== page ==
A brilliant frame can be constructed out of aluminium, steel or titanium, as frame materials are just one component of the overall frame design. What generally matters most is that the frame in question is offered by a manufacturer who has a history of building good and reliable touring bikes. A good touring bike must also be sized correctly for you with a suitable touring geometry.
As metallurgy gets a bit technical, I’ve written this article with as little jargon as possible so that it makes sense.
Frame Materials: Which is Most Comfortable?
Road Vibrations and Bumps
Has anyone ever told you that steel and titanium touring bikes are comfortable and that aluminium frames result in a rough ride? Believe it or not, bike frames actually account for very little of the overall vibration damping on a touring bike, especially when it’s loaded with bags. Road vibrations are mostly absorbed through your tyres, seatpost and saddle.
Think about it. Your tyre encounters a bump in the road, deforming and dissipating huge amounts of shock – a few millimetres on a narrow tyre right through to centimetres on a wide touring tyre. Your rim, spokes and hub are next, but their effect on shock is minimal. Your hub transfers the remaining shock through the frame seatstay and up the seatpost where another significant effect on shock occurs – up to 25mm on some carbon posts. Lastly, your saddle will absorb a bunch more shock.
So perhaps a few millimetres of vertical flex separates some aluminium, steel or titanium frames, but let’s face it – it’s minimal when you consider all of the components that damp shock. All frame materials will tour comfortably with good tyres, a seatpost designed to flex and with a cushioned saddle.
All bikes have resonant frequencies at which they vibrate; in fact, everything you see around you is vibrating at one frequency or another. It is said that resonance can affect the comfort of your bike, but for the most part, components such as your tyres, grips, seatpost and seat will damp the majority of road vibrations.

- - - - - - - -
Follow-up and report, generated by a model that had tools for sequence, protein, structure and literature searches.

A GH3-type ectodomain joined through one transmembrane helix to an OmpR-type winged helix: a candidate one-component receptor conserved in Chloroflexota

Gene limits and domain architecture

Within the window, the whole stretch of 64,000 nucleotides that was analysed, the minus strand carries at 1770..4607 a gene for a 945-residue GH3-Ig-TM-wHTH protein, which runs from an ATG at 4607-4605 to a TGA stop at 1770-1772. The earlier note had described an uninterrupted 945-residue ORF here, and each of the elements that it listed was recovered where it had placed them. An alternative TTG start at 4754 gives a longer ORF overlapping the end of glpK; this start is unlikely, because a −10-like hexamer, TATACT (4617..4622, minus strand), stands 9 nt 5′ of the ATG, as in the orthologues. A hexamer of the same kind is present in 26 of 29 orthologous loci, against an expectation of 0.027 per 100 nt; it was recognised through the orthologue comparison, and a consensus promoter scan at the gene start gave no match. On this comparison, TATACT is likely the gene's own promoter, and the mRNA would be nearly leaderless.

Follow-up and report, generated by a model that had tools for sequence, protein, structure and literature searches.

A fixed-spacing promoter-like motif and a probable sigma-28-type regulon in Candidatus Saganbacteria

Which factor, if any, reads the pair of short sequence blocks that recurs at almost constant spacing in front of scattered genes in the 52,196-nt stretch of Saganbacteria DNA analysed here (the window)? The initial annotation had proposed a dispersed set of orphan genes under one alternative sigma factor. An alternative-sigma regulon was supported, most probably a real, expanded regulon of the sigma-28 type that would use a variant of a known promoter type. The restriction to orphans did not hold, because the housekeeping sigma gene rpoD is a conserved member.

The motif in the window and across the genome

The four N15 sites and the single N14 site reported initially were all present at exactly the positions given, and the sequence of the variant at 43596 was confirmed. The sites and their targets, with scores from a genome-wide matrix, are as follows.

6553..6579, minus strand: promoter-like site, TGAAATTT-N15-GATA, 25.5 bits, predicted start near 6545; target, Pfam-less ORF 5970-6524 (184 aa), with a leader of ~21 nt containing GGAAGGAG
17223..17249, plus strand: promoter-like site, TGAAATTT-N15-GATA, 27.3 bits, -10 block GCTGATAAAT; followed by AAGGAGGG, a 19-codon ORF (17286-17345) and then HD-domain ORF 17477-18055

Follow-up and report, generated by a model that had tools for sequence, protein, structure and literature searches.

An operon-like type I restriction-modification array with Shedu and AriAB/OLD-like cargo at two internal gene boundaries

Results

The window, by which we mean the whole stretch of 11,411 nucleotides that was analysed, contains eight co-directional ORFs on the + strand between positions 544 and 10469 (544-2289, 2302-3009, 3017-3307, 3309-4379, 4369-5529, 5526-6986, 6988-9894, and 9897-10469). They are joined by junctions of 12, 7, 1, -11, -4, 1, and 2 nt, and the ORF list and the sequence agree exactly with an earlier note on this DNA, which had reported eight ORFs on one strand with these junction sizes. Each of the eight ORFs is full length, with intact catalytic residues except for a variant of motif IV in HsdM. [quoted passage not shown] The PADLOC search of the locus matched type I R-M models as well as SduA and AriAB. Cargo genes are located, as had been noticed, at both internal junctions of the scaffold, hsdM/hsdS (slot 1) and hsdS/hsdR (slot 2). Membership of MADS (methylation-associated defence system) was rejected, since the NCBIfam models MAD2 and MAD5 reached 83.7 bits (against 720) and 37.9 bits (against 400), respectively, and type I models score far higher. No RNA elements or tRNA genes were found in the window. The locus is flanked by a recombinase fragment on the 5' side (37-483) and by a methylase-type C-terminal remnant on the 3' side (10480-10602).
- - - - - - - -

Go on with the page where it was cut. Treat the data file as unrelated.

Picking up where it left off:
Resonance can be a problem when it builds up so much that you develop ‘speed wobbles’ while riding at certain speeds. Bikes that ‘speed wobble’ also tend to lack stiffness. Luckily most dedicated touring bikes are already built stiff enough to handle heavy loads, so this isn’t often a problem (unless you have heavy front panniers).
Sizing and Parts
Comfort isn’t just about vertical stiffness. Getting a frame that is your size and that suits your riding style will make a significant impact on how comfortable your bike feels to you. Finding a comfortable seat, seatpost and grips will go a long way too.
Which is the Stiffest?
Any frame material can be used to build a stiff bike. Frame manufacturers essentially make trade-offs by selecting different tube diameters and wall thicknesses, allowing a frame to be made stiffer, or stronger, or lighter. Touring frames are perhaps the stiffest of all frame varieties (and also the heaviest!) because they carry heavy loads on the front and rear, requiring a stiff enough chassis to reduce twisting.
Frame stiffness is often the first thing I take note of when I test ride different touring bikes. It’s one of the most important characteristics on a touring bike with front and rear panniers because it improves the handling at high speeds and prevents speed wobbles.
Which is the Lightest?
The goal of any good frame manufacturer is to put frame material only where it’s needed. Aluminium and titanium are known for being lighter weight than steel – but is this true?
A process called ‘butting’ is designed to reinforce the joints at the end of frame tubes, making frames more robust. By taking material from the inside of a tube, it can be optimised for stiffness and strength… but also weight. Good frame manufacturers will use a number of tubing diameters with different length tapers and butts across their size spectrum, optimising their tube characteristics for a touring bikes purpose (to be stiff and strong).